placed "among the first and most important of republican virtues," with the appropriations for military purposes. The army was cut down to a skeleton, and naval construction stopped—and thus perished the Federalists' covert plans for summary dealing with proletarian insurrection at home and contested markets abroad. The newly-created courts were abolished, and the Secretary of the Treasury, Gallatin, was set at work to rat-proof every avenue of access to public money. The law was laid down to him by an exacting and realistic master. Mr. Jefferson was ready to acknowledge always that the technique of finance was "foreign to his nature," but he knew well enough what general results he wanted, and, in a general way, how to get them. He had told Madison four years before, that "the accounts of the United States ought to be, and may be, made as simple as those of a common farmer, and capable of being understood by common farmers." He now served notice on Gallatin of his desire to see "the finances of the Union as clear and intelligible as a merchant's books, so that every member of Congress and every man of any mind in the Union, should be able to comprehend them, to investigate abuses and consequently to control them." He was severe upon the esoteric methods pursued by Gallatin's predecessors, especially by Hamilton—methods which came under particular suspicion by reason of the outbreak of unaccountable fires among the Treasury records on the eve of Gallatin's accession to office. "Alexander Hamilton," Mr. Jefferson wrote in a memorandum to Gallatin, [245]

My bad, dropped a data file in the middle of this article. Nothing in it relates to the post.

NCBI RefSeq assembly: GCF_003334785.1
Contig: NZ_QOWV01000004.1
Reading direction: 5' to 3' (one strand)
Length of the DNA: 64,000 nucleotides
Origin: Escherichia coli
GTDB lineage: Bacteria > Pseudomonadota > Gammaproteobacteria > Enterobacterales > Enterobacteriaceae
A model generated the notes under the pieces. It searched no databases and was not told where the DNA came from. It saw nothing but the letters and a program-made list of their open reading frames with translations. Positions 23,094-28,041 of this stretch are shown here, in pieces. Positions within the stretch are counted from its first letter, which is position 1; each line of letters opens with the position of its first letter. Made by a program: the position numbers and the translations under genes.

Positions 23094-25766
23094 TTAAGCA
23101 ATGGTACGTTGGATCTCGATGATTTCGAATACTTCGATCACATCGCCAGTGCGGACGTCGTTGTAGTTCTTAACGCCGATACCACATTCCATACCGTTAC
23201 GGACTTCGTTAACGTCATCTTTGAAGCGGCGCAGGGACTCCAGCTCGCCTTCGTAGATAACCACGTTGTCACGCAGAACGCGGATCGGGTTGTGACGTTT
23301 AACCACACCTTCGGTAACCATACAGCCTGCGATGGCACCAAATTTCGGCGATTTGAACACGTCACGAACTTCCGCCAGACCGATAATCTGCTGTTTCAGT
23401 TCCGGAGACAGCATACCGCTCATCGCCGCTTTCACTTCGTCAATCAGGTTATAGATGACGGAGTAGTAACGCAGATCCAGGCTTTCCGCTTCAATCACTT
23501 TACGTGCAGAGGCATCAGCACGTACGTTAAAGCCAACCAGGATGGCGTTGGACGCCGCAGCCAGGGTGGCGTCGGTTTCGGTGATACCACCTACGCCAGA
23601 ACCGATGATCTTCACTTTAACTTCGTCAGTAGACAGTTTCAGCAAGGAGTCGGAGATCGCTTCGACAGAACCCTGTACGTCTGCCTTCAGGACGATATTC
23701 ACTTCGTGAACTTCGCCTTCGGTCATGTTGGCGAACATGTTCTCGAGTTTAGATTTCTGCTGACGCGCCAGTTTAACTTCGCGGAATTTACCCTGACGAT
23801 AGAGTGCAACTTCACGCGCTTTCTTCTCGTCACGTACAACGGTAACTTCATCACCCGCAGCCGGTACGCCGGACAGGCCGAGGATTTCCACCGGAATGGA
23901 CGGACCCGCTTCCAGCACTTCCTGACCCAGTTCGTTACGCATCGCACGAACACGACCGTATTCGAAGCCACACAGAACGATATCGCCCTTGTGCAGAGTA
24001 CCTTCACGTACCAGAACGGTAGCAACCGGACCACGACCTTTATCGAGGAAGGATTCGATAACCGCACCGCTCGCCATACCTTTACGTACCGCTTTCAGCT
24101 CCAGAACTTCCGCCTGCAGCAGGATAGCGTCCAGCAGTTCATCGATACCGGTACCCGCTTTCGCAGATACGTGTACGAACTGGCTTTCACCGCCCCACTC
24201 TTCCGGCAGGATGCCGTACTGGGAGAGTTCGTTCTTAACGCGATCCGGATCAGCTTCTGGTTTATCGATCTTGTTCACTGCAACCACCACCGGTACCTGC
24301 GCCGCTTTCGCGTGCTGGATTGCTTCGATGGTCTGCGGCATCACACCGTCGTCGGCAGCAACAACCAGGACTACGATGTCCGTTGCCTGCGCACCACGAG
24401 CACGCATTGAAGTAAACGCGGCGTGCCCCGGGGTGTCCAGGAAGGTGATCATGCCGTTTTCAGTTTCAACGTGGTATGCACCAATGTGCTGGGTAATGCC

in order that he might have the entire government of his [political] machine, determined so to complicate it that neither the President nor Congress should be able to understand it or to control him. He succeeded in doing this, not only beyond their reach, but so that at length he could not unravel it himself. He gave to the debt in the first instance, in funding it, the most artificial and mysterious form he could devise. He then moulded up his appropriations of a number of scraps and remnants, many of which were nothing at all, and applied them to different objects in reversion and remainder, until the whole system was involved in impenetrable fog; and while he was giving himself the airs of providing for the payment of the debt, he left himself free to add to it continually, as he did in fact, instead of paying it.

Plain going was to be the rule. Along with the enormous reduction in governmental expenditure, went a considerable lightening of taxes on production. The excise was abolished, to the great relief of a multitude of small remote farmers, especially in Pennsylvania, who could neither transport their corn nor find a market for it until they had converted it into whisky. Direct taxes of various kinds, projected in the war-fever of 1798, all went. At the end of his first term, Mr. Jefferson was able to proclaim that "it may be the pleasure and pride of an American to ask what farmer, what mechanic, what labourer, ever sees a tax-gatherer of the United States." This was literally true 5 yet there were taxes remaining on certain articles of ordinary use, like salt, sugar, tea and coffee, which the consumer paid indirectly, beside a